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Tuner Hole Too Big...Fixed!

Discussion in 'Hardware, Setup & Repair [BG]' started by ponticat, May 4, 2010.


  1. Cut plug. Trim plug. Flush sand plug. Refinish.
    Naaah, that's too time consuming.

    Make a bigger bushing!
    In this case the existing holes are just slightly too big for a satisfactory fit. I cut some aluminum tape strips the depth of the bushings and wound the strips onto the bushings to increase the diameter. In my case I cut the strips 10" long which proved to be a correct guess. Your strips may vary depending on the diameter increase you need.

    resizebushing_01.
     
    JRA and bound'n'blocked like this.
  2. Bevo1995

    Bevo1995

    Nov 8, 2009
    Heart o' Texas
    Oh, I can't wait for the "you should have used copper tape" comments.
     
    sissy kathy and bound'n'blocked like this.
  3. Great idea!
     
  4. Aluminum sounds better :)
     
  5. ubnomnar

    ubnomnar Supporting Member

    Dec 28, 2009
    So Cal
    Aluminum is lighter, too. I'm sure I saved a few micrograms over using copper tape.
     
  6. testing1two

    testing1two Supporting Member

    Feb 25, 2009
    Southern California
    best tuner for metal?
     
    bound'n'blocked likes this.
  7. songwriter21

    songwriter21 I have an obsession for wood. The musical kind. Supporting Member

    Jul 31, 2005
    Pittsburgh, PA
    Sponsored by Hipshot
    Yes, I'm resurrecting this thread, but for a very good reason...this exact dilemma! My Peavey US Cirrus has a few tuners that have too much play, imo, so this is EXACTLY what I needed to find. Thanks, man!
     
  8. A nice idea, indeed. Mooneymoola (kinda phoenetic for aluminum spelled backwards) would fill the gap and not deteriorate like cloth or plastic tape with adhesive.
     
  9. iiipopes

    iiipopes Supporting Member

    May 4, 2009
    I used plain, cheap masking tape on a Epiphone guitar with a couple of loose tuners about a decade ago that for awhile was my main performing instrument on guitar gigs. It is still holding up.
     
  10. RedJag

    RedJag

    Mar 2, 2016
    I recently got some Hipshot Ultralite USA tuners in 3/8” size for my Warwick Corvette. They were a little on the loose side as mentioned in this thread, and the tip about using tape to shim the bushing was a lifesaver. It’s unfortunate that it needs to be done but it allows for a perfect fit.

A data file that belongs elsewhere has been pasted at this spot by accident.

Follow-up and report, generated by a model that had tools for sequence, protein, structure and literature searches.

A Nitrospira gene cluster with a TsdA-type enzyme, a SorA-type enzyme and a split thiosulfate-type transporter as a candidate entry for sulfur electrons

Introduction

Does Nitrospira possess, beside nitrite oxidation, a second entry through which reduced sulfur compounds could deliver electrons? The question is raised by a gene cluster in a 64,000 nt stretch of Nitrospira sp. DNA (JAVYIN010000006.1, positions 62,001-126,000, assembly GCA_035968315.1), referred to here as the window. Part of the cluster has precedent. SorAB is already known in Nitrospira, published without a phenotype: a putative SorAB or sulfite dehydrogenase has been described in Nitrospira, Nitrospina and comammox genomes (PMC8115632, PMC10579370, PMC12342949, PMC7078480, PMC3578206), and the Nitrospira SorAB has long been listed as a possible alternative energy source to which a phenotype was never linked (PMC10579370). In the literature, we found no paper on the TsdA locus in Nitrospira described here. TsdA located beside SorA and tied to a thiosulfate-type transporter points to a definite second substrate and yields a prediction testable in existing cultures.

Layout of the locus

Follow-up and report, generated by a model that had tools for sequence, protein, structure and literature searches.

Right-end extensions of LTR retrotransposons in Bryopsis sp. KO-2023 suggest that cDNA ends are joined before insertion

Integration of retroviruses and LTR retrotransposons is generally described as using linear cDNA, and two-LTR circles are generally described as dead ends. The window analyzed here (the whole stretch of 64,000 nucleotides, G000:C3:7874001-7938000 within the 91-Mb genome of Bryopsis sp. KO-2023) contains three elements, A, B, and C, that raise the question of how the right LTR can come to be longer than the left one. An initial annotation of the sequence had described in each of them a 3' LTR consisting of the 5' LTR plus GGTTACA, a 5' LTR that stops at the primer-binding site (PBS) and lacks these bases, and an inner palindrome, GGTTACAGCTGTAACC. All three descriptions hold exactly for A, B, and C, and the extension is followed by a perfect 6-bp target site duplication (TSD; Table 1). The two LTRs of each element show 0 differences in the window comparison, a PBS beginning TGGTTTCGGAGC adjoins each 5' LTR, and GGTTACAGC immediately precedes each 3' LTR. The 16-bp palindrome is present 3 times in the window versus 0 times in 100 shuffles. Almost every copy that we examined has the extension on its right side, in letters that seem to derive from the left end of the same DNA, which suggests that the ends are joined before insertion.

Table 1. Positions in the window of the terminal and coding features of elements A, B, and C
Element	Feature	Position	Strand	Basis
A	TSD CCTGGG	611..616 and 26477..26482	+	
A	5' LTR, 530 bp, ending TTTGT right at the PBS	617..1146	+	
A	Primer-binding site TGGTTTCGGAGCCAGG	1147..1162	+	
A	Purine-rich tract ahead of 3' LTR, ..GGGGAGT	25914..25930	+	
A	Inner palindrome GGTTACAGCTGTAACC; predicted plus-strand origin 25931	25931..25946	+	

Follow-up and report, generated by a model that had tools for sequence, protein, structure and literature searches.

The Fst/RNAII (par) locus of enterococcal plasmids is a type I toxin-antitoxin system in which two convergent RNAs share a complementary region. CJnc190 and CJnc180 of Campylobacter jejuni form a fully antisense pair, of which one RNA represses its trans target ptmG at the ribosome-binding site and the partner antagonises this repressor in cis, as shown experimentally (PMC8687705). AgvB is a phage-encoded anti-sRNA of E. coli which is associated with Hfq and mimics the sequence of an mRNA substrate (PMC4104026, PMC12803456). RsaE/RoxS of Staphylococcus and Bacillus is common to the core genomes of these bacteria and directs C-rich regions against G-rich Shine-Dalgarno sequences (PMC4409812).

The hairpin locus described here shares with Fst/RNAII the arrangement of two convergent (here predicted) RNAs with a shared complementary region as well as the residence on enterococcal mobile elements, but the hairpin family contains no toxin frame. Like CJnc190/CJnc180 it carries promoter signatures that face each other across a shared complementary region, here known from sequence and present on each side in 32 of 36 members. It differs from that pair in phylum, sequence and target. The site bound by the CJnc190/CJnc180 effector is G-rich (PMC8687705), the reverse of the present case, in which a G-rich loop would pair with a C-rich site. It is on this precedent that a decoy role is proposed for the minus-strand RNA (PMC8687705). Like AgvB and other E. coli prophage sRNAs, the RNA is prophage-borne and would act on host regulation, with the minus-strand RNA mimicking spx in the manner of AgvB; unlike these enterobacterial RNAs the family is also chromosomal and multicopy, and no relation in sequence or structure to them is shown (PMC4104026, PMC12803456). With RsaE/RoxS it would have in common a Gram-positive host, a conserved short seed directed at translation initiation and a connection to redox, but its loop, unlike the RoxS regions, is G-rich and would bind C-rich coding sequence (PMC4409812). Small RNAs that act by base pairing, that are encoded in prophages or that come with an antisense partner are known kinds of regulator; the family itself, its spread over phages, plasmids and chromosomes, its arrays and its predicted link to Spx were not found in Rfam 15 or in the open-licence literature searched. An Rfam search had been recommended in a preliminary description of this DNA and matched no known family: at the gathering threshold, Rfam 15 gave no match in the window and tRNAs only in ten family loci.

11. Whats the best tape for metal?
     
  12. RedJag

    RedJag

    Mar 2, 2016
    Metal tape. Duh.
     
  13. Best aluminum tape tuner bushing fix for metal?

    BnB
     
  14. Memorex was the correct answer
     
  15. yelemusic

    yelemusic

    Nov 22, 2009
    Hi there. Dunno if that's old news, but I was recently confronted with tuner holes that were ever so slightly to large, so the bushings would wiggle in them. These were already those conversion bushings to mount vintage tuners in modern holes. However, since the guitar, that should get these new tuners, was a really cheap Tele kit, these holes were of course not drilled to well. Filling the holes and re-drilling was therefore out of the question.
    I read people saying that one could use a thin strip of veneer to fill the gap, or apply super glue to the inside of the hole, but none of these suggestions clicked with me.

    You guys know this 2k power putty, that comes in rolls, of which you cut of the desired amount and knead it to a homogeneous mass?
    https://www.amazon.co.uk/UniBond-12...F8&qid=1546459107&sr=1-2&keywords=power+putty

    So I plastered a little bit of that stuff around the inside of each hole, used a screwdrivers shaft to really mold it to the inside, pressed the bushings in, removed excess and waited. Even right after the procedure the bushings were tight in there, but to be safe I waited 24h before restringing. What can I say, it seems to have worked beautifully! The stuff gets rock hard, and I can't see the bushings ever coming loose again by themselves! And it was quick! It took not more than 5 minutes! I have to say I am pleased with the outcome :)

    I hadn't read about people using this putty for this purpose. So I thought I'd share, so this neat little trick can be added to all the other neat little tricks people come up with in luthiery :)

    However, if this is common knowledge, and only I didn't know, please forgive me for wasting your time ;)


    BTW, happy new year! :)
     
  16. RedJag

    RedJag

    Mar 2, 2016
    Seems messier than necessary. I had amazing luck with the tape and it ensures that things are perfectly centered.
     
  17. yelemusic

    yelemusic

    Nov 22, 2009
    No, not messy at all, and very quick. Tape didn't work so well for me, as it doesn't always stay in place, nor is one layer always enough, and the more layers the more it gets complicated...
    As for perfectly centered: One can put the machines in while the stuff is still a little soft, and make sure they line up nicely. Once it's cured, everything stays perfectly in place anyway.
    Oh, and did I mention it's not messy at all? Not even fiddly, as using tape is!
     
  18. 96tbird

    96tbird PLEASE STAND BY

    I have used that product on things other than instruments and can attest that it’s really tough stuff. I was hitting some excess scraps with a hammer to test it and was surprised at how hard it was. And it really sticks well to clean metal, wood and even plastic if you rough it up well.

    Now I wouldn’t go using it on a high value instrument, but for a project Like yelemusic’s There’s nothing wrong with it. His alternative was to fill and redrill : invasive, or partially fill with something tough. The epoxy putty he used filled the bill and I agree with him that on certain projects, it can be put to good use.
     

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